jdlessley wrote:The issue of the tip is not to prevent priesthood leaders from identifying those individuals that want their needs from being addressed with sensitivity and care. The tip is not addressing or readressing the permissability of DO NOT CONTACT lists. It is stating the procedures that are acceptable in MLS. Granted, one can surmise the connection to a some Church policy since MLS closely mirrors Church policy. Extending this tip beyond anything else other than MLS procedure is pure conjecture.
Conjecture just happens to be the way we fill in the holes in our understanding left by information gaps. Now, hopefully, the spirit steps in and clears things up, but at the same time, we are also expected to exercise our due diligence and seek out what information we can. (Which is part of what I have been doing here.)
jdlessley wrote:When guidance is provided from Church leaders the reason for doing so may not be stated or explained. It would be nice to know why but not necessary to carry out the procedure.
Assuming the procedure was communicated clearly and understood correctly, and I'm not the first person to have sought clarification here.
jdlessley wrote:The first part of this statement is a bold, reckless and highly speculative statement that cannot be supported by fact. I would not like to be the one to make that reckless assumption and then be on the receiving end of a lawsuit. The second part of the statement is also false. The wiki statesThis is an additional consideration for members not wanting contact and not the only concern.
I think you overextend my assertion. My statement is well qualified, and is thus not really all that bold or wreckless at all. Oddly enough, your supposed "additional consideration" is not really an additional consideration at all. It is the same privacy concern. Being worried about the publication of PII is a privacy protection issue. (Being annoyed by home teachers stopping by is not here being considered as a privacy issue, per se, though perhaps I can see some cause for confusion.)
jdlessley wrote:It is quite clear that the membership record should not be adjusted or coded in MLS using any method designed to show the record as DO NOT CONTACT. What is wrong is adjusting the membership record or coding in MLS to show the record as DO NOT CONTACT.
Right, but as I have mentioned there are other ways to do nearly equivalent things, and it is necessary to know more in order to determine whether those other things also qualify for the prohibition.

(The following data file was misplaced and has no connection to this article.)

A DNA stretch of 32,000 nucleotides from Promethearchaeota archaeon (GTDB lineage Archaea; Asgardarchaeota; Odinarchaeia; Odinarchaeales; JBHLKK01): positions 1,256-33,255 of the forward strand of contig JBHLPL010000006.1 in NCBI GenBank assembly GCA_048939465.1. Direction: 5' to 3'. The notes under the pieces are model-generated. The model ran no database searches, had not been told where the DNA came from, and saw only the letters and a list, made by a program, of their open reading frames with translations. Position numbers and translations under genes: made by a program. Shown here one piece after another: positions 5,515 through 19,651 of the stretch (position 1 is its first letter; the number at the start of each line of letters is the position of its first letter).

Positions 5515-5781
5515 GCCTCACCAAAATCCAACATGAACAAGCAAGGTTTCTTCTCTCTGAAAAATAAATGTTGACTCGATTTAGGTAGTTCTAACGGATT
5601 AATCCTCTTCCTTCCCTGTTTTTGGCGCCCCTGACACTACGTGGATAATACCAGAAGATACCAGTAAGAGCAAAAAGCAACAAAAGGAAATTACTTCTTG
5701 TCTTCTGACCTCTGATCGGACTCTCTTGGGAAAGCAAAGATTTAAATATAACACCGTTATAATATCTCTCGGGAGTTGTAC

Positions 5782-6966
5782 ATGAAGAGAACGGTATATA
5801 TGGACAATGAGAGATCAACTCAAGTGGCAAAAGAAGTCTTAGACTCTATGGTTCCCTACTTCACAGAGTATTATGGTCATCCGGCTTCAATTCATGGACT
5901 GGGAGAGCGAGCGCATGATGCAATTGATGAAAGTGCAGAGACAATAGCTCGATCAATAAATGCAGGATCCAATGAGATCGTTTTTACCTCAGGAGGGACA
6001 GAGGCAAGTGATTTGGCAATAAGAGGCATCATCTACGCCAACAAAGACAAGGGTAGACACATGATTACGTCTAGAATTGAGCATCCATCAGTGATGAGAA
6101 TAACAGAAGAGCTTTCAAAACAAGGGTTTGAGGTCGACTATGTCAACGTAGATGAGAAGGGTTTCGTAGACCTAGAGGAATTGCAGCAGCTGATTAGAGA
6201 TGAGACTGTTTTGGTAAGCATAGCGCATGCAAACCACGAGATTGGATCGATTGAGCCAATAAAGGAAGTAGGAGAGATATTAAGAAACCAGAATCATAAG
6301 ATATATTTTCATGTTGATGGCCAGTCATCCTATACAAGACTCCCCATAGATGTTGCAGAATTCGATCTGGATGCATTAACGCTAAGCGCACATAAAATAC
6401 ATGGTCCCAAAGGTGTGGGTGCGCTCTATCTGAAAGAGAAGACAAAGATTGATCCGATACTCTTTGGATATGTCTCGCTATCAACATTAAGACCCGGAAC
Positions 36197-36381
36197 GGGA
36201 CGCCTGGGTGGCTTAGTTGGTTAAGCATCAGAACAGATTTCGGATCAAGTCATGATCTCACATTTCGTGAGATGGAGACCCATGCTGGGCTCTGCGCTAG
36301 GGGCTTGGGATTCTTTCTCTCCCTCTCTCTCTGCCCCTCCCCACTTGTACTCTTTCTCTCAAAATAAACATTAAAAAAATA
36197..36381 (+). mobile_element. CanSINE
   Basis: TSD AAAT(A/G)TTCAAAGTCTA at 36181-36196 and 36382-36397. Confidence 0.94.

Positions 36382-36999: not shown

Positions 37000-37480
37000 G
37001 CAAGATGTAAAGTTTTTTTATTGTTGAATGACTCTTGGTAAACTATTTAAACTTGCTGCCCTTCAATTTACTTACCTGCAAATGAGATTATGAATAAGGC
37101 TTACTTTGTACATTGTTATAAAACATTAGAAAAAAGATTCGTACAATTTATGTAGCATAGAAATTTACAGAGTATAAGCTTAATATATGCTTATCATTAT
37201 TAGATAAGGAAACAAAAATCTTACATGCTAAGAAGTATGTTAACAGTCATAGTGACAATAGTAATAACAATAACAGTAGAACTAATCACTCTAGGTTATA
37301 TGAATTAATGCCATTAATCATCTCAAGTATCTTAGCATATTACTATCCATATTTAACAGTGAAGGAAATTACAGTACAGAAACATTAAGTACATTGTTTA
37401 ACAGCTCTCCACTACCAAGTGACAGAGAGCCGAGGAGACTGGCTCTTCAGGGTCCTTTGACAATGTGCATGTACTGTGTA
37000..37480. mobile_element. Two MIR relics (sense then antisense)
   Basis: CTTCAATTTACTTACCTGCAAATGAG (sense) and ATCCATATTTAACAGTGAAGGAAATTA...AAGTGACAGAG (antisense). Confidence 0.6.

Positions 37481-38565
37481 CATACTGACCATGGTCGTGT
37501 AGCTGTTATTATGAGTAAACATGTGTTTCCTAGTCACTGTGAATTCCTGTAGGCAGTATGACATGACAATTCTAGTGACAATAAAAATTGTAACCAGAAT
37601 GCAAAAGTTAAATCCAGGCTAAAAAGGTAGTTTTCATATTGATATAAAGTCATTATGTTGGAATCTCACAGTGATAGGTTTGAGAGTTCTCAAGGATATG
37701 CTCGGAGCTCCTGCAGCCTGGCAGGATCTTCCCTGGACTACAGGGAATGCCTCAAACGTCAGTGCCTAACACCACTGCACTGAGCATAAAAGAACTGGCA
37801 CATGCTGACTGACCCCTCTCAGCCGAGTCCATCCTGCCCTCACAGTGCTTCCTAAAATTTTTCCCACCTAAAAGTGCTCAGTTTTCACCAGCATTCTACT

For example, based on the communication received it would seem logical that redistricting to hack a no contact list should be forbidden.
Perhaps this doesn't affect the "member record" per se, but that's all a matter of how systems engineers decided to organize data. It really has very little to do with what we might conjecture from the citation of Moroni provided as context for the policy.
If we take this context at face value it implies not only that we shouldn't tag member records as "do not contact", but that we should also not use any other method to indicate a strict avoidance of contact. This may not be within the purview, authority, scope, bounds, whatever, of the specific body within church headquarters which had this statement issued, but on the local level, it is nonetheless important because our call to apply correct principles is not restricted to MLS.
Hence, when we are given direction, and the principle seems unclear, then it behooves us to inquire more into the principle so that we might arrive at a sound understanding.
Now, I happen to agree that a strict "do not contact" list is a bad idea very generally. Nevertheless, I have never used a "strict" "do not contact" list. I never had the slightest insight into how a "do not contact" list was created and thought that the lists I had seen in the past which said "do not contact" were created due to the existence of some standard "do not contact" flag in the database. I discover that this was not the case, and if not, I wonder as to why such a term was ever used by my former units.
Anyhow, based on Moroni's comments as a context for the policy statement, it would seem to me that playing around with districts in order to hack a "do not contact" list is a bad idea. Nevertheless, I find in this thread, that such a procedure has received praise, and I don't understand why. (Though I would like to.)
On the other hand, creating alternative markings (which I came up with off the top of my head, but needn't be so alarming) would seem to be permissible as it does not create a "do not contact" list at all, but instead provides a method for individualized handling of special contact considerations, which would seem to be in line with the policy. Nevertheless, my hypothetical procedure is criticized.
I do not discount the possibility that I am missing something, but telling me that things are clear does not make them clear for me, and picking apart incidentals is also not helpful.